About Erica Jong
The hardest part in writing about Erica Jong is to not make it all about sex.
As the woman who coined the legendary term ‘zipless fuck’ to describe the ideal sexual experience, she has talked, written, described, been interviewed and lectured on the subject for decades.
And yet sex, while being at the core of most of Jong’s writing, is almost incidental to what makes her one of the world’s most iconic writers. It’s not the sex itself but the fact that she quietly flouted the unspoken norms of the day to talk about it unblinkingly – neither voyeur, nor prude –that made her a pillar of the sexual revolution and a hero to millions, as well as gaining her the admiration of writers like John Updike and Henry Miller.
Fear of Flying, her first and most famous novel published in 1973, blew conventional thinking about women, marriage and sexuality out of the water and went on to sell 20 million copies. In many ways it articulated what women thought but which, through decades of silent complicity with the status quo, was never voiced. In Isadora Wing, her fictional doppelganger, Erica created everywoman – not as she existed in public life in the 70s, but inside a woman’s own mind.
The fact that Erica so evidently lives by the liberal mores she advocates has only served to make her more compelling. She’s been married four times – and laughingly points out she’s her husband’s fourth wife as well. She has openly talked of experimenting with her sexuality, including with women. She was an ardent admirer of Henry Miller – himself often branded more pornographic than literary – and formed a close relationship of mutual trust and admiration with him. She’s blurred the lines between fiction and autobiography by admitting that elements of her life, from her eccentric upbringing to her flawed marriages, resonate in her fiction.
In the four decades since Fear of Flying, she’s written over 20 books, including 10 works of fiction as well as celebrated non-fiction volumes such as What Do Women Want, Seducing the Demon: Writing for My Life, in 2011, an anthology on – well, sex – called Sugar in My Bowl: Real Women Write About Real Sex that she edited, and in 2012, a Kindle Single, A Letter to the President, which bravely takes on the issues facing American women today. Intriguingly, she has switched between fiction, non-fiction and poetry almost effortlessly, becoming one of the most evocative poets of her generation with 7 published volumes, and winning Poetry magazine’s respected Bess Hokin Prize. She also won a host of key literary prizes, including the United Nations’ Award for Excellence in Literature, the Sigmund Freud Award for Literature and the Deauville Award for Literary Excellence in France.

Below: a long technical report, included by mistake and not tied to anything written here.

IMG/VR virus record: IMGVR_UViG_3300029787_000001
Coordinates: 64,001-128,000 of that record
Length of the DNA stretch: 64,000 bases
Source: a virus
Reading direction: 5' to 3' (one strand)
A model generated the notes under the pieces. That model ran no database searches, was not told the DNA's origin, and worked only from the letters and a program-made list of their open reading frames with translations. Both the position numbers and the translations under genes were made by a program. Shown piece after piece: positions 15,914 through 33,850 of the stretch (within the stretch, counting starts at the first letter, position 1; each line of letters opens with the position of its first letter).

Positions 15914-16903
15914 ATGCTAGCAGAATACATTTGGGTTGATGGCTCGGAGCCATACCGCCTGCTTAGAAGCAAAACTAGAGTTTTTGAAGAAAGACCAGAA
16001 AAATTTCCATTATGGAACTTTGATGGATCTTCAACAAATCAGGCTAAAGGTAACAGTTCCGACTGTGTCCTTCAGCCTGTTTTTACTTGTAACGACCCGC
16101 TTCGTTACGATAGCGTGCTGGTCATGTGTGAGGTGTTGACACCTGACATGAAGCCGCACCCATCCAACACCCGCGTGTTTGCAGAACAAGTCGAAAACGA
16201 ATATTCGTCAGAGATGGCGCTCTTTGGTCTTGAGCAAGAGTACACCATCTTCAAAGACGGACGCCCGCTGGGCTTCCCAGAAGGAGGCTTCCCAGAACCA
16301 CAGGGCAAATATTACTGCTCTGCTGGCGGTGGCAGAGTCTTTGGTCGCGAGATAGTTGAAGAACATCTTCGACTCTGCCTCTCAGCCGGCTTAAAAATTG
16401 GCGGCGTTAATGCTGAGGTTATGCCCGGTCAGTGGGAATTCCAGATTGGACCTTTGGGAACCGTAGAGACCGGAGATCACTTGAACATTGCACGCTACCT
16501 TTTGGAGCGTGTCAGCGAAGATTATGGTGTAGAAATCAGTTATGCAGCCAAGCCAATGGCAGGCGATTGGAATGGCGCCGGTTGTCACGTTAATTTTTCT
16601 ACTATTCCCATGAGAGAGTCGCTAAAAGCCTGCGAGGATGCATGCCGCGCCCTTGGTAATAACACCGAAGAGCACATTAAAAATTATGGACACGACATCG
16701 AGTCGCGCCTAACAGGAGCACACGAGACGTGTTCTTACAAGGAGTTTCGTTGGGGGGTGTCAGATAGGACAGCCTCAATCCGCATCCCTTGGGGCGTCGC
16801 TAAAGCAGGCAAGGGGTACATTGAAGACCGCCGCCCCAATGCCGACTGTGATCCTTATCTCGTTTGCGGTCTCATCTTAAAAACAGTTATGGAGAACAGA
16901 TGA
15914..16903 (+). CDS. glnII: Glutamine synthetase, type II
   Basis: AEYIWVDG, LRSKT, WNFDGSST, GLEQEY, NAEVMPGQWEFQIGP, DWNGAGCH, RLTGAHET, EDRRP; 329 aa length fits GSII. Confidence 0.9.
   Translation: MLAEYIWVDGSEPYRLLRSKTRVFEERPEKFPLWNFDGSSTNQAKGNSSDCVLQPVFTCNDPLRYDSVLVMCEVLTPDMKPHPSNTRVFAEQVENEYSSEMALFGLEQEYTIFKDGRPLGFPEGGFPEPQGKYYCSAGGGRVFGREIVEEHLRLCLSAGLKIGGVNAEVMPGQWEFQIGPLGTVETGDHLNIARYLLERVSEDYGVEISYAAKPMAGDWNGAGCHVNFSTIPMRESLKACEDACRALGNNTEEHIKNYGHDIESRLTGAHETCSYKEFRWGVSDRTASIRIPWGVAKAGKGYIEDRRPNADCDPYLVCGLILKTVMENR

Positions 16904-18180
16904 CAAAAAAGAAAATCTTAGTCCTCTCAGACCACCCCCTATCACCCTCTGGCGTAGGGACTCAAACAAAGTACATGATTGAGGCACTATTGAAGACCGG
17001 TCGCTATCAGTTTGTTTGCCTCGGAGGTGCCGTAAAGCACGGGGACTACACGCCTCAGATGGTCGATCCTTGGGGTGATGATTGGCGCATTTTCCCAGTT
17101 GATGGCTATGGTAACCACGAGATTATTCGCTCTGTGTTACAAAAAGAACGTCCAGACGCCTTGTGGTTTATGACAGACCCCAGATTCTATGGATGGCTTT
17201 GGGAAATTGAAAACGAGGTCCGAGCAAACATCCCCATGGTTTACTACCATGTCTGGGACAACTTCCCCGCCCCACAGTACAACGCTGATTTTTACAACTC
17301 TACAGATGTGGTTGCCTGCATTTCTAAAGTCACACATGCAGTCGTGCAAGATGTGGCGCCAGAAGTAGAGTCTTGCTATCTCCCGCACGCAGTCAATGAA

She’s spoken openly of her demons with writing and fear of being unsuccessful, despite the fact that her first book became a phenomenon. Despite the chronic self-doubt, though, she went on to be not just a prolific writer but an astoundingly good one – wit, literary allusions, clear thinking, tremendous insight and sharp writing make her a compelling read.
But the true star of Erica’s writing is courage. She’s dared to examine under a public microscope her most intimate relationships – with her fiery mother who raged with anger at having to sacrifice a painting career to look after family; with her four husbands who included a writer, a psychologist and her current husband of 24 years, a divorce lawyer; and with her daughter, writer and satirist Molly Jong-Fast, who describes herself as the antithesis of everything Erica is: a prude to Erica’s liberal, a fiercely involved and protective parent to Erica’s hands-off one, a dedicated wife to Erica’s serial ‘marrier’.
Yet, vindication of Erica’s way lies ultimately in the very rejection of her life choices by her daughter – a circumstance that, unexpectedly, makes her proud and reinforces to her the true meaning of feminism. In an interview to the Guardian, she commented that Molly has ”taken on things I never did. I had one child, she has three. She’s brave. And she must feel very loved, because otherwise how could she satirise me? She knows I’ll never take umbrage. I give her permission to be whatever she wants to be.”
There’s no greater salute to feminism than that.